Nicola da Schio, Cosmopolis Centre for Urban Research (VUB) [Nicola.Da.Schio@vub.be] • Laure Malchair, Confluences ASBL [firstname.lastname@example.org] • Maëlle Van der Linden, Confluences ASBL [email@example.com]
2 Permanent Brussels: calling on the arts to build common infrastructures
Permanent is a coalition of 150 artists and artworkers currently based in the former Actiris building close to Bourse, VUB/weKONEKT.brussels and Community Land Trust Brussels (CLTB). Together, they aim to develop a mixed-use building in Brussels that combines permanently affordable studios and workspaces for artists and artworkers with permanently affordable and transit housing for people with limited means and/or in precarity, as well as public infrastructure tailored to the needs of the users and initiators of the building and the neighbourhood.
In order to realize this, this project looks into anti-speculative development models from the commons- and cooperative economy that propose alternative, collective forms of ownership. The starting point is to keep the land collectively owned, as proposed by the Community Land Trust model. Through the development of this building the aim is not only to meet the need of artists for affordable workspaces but also to push for more inclusive urban development strategies in Brussels, by developing a tangible mixed-use development model based on collective ownership.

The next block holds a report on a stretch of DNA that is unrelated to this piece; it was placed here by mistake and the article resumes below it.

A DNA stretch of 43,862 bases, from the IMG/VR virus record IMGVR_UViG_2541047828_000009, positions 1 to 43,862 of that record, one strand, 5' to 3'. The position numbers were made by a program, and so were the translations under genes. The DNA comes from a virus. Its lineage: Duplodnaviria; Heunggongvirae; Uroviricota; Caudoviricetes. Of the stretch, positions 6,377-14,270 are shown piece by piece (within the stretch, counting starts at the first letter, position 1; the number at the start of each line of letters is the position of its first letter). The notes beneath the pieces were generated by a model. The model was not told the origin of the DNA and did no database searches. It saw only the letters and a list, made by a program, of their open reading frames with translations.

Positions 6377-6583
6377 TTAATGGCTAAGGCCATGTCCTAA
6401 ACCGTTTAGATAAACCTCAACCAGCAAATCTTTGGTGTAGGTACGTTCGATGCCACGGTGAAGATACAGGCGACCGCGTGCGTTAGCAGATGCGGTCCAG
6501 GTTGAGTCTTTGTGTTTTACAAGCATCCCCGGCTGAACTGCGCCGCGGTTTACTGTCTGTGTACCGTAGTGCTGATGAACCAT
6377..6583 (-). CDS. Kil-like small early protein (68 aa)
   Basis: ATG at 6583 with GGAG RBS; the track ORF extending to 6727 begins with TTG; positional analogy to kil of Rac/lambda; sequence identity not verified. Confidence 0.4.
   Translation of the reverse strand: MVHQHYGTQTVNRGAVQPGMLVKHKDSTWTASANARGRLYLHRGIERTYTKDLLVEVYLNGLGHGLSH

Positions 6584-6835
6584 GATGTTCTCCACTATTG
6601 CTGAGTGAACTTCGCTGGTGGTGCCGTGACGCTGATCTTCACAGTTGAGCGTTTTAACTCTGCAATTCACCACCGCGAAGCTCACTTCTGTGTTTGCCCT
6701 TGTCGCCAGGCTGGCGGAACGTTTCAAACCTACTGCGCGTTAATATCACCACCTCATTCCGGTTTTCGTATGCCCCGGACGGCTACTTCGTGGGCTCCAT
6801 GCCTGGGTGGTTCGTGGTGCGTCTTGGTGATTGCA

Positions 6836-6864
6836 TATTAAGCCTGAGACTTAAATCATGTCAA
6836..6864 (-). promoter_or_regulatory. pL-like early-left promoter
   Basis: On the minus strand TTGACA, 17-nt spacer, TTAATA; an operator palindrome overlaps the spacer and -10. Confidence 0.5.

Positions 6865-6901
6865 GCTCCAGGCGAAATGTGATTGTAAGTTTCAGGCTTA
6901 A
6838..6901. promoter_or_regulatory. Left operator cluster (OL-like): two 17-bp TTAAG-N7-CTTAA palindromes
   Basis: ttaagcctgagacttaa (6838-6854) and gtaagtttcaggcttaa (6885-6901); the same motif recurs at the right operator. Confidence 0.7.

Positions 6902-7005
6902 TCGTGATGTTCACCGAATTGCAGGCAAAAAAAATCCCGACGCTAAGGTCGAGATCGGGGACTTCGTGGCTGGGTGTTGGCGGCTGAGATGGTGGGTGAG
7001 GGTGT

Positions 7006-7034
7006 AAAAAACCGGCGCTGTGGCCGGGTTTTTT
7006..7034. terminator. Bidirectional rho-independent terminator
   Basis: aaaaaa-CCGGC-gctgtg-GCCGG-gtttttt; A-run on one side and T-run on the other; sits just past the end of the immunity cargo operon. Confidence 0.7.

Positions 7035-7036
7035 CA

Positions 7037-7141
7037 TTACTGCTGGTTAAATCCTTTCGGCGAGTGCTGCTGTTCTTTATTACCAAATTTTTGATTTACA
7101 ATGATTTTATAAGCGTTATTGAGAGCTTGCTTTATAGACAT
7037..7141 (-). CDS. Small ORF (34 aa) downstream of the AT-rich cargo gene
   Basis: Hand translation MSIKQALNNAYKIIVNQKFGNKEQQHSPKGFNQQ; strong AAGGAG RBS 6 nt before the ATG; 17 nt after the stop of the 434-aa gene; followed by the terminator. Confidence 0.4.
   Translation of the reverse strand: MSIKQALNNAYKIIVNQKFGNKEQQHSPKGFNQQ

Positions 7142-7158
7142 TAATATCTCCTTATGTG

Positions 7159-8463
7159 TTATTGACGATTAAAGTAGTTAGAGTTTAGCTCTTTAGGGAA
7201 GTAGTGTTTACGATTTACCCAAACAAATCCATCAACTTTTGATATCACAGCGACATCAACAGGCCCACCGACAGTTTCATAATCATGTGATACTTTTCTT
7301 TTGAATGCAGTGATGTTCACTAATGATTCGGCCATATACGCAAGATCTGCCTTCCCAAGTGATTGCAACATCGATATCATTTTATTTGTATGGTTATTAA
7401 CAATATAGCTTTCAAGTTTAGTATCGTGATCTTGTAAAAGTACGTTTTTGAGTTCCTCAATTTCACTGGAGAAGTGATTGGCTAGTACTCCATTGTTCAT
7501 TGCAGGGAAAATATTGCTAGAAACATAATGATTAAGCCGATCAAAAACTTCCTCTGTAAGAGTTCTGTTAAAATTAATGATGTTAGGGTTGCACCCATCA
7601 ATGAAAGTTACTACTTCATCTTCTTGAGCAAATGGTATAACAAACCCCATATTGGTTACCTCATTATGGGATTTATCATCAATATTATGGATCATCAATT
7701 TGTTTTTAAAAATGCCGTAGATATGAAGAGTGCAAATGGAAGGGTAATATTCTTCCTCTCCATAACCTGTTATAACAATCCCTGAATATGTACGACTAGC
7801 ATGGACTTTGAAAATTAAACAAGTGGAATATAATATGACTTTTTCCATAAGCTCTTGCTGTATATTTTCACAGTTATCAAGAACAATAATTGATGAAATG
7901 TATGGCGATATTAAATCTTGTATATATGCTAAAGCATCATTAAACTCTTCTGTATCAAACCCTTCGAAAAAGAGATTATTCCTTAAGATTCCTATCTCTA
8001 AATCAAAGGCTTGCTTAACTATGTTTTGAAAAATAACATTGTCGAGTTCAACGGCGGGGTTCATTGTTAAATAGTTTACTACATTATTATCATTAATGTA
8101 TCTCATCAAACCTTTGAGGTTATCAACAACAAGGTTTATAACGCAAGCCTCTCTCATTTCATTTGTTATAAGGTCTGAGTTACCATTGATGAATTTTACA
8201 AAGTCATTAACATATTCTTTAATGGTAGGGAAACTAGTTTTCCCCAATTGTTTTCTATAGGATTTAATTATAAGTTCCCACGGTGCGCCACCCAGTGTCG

The project will consist of a large campaign in order to build public and political awareness on this topic, a participatory research trajectory bringing together key actors from Brussels and elsewhere, dedicated legal advice on new ownership models, and a series of short public reports synthesizing the key points emerging from the project. More information can be found on www.permanentbrussels.org.
Bas van Heur, Cosmopolis Centre for Urban Research (VUB) [firstname.lastname@example.org] • Lynn Tytgat, weKONEKT.brussels (VUB) and Permanent Brussels [email@example.com] • Rob Ritzen, Level Five – Artistic Ecology and Permanent Brussels [firstname.lastname@example.org] • Els Silvrants-Barclay, Permanent Brussels [email@example.com]
3 Urban Farming: how to irrigate?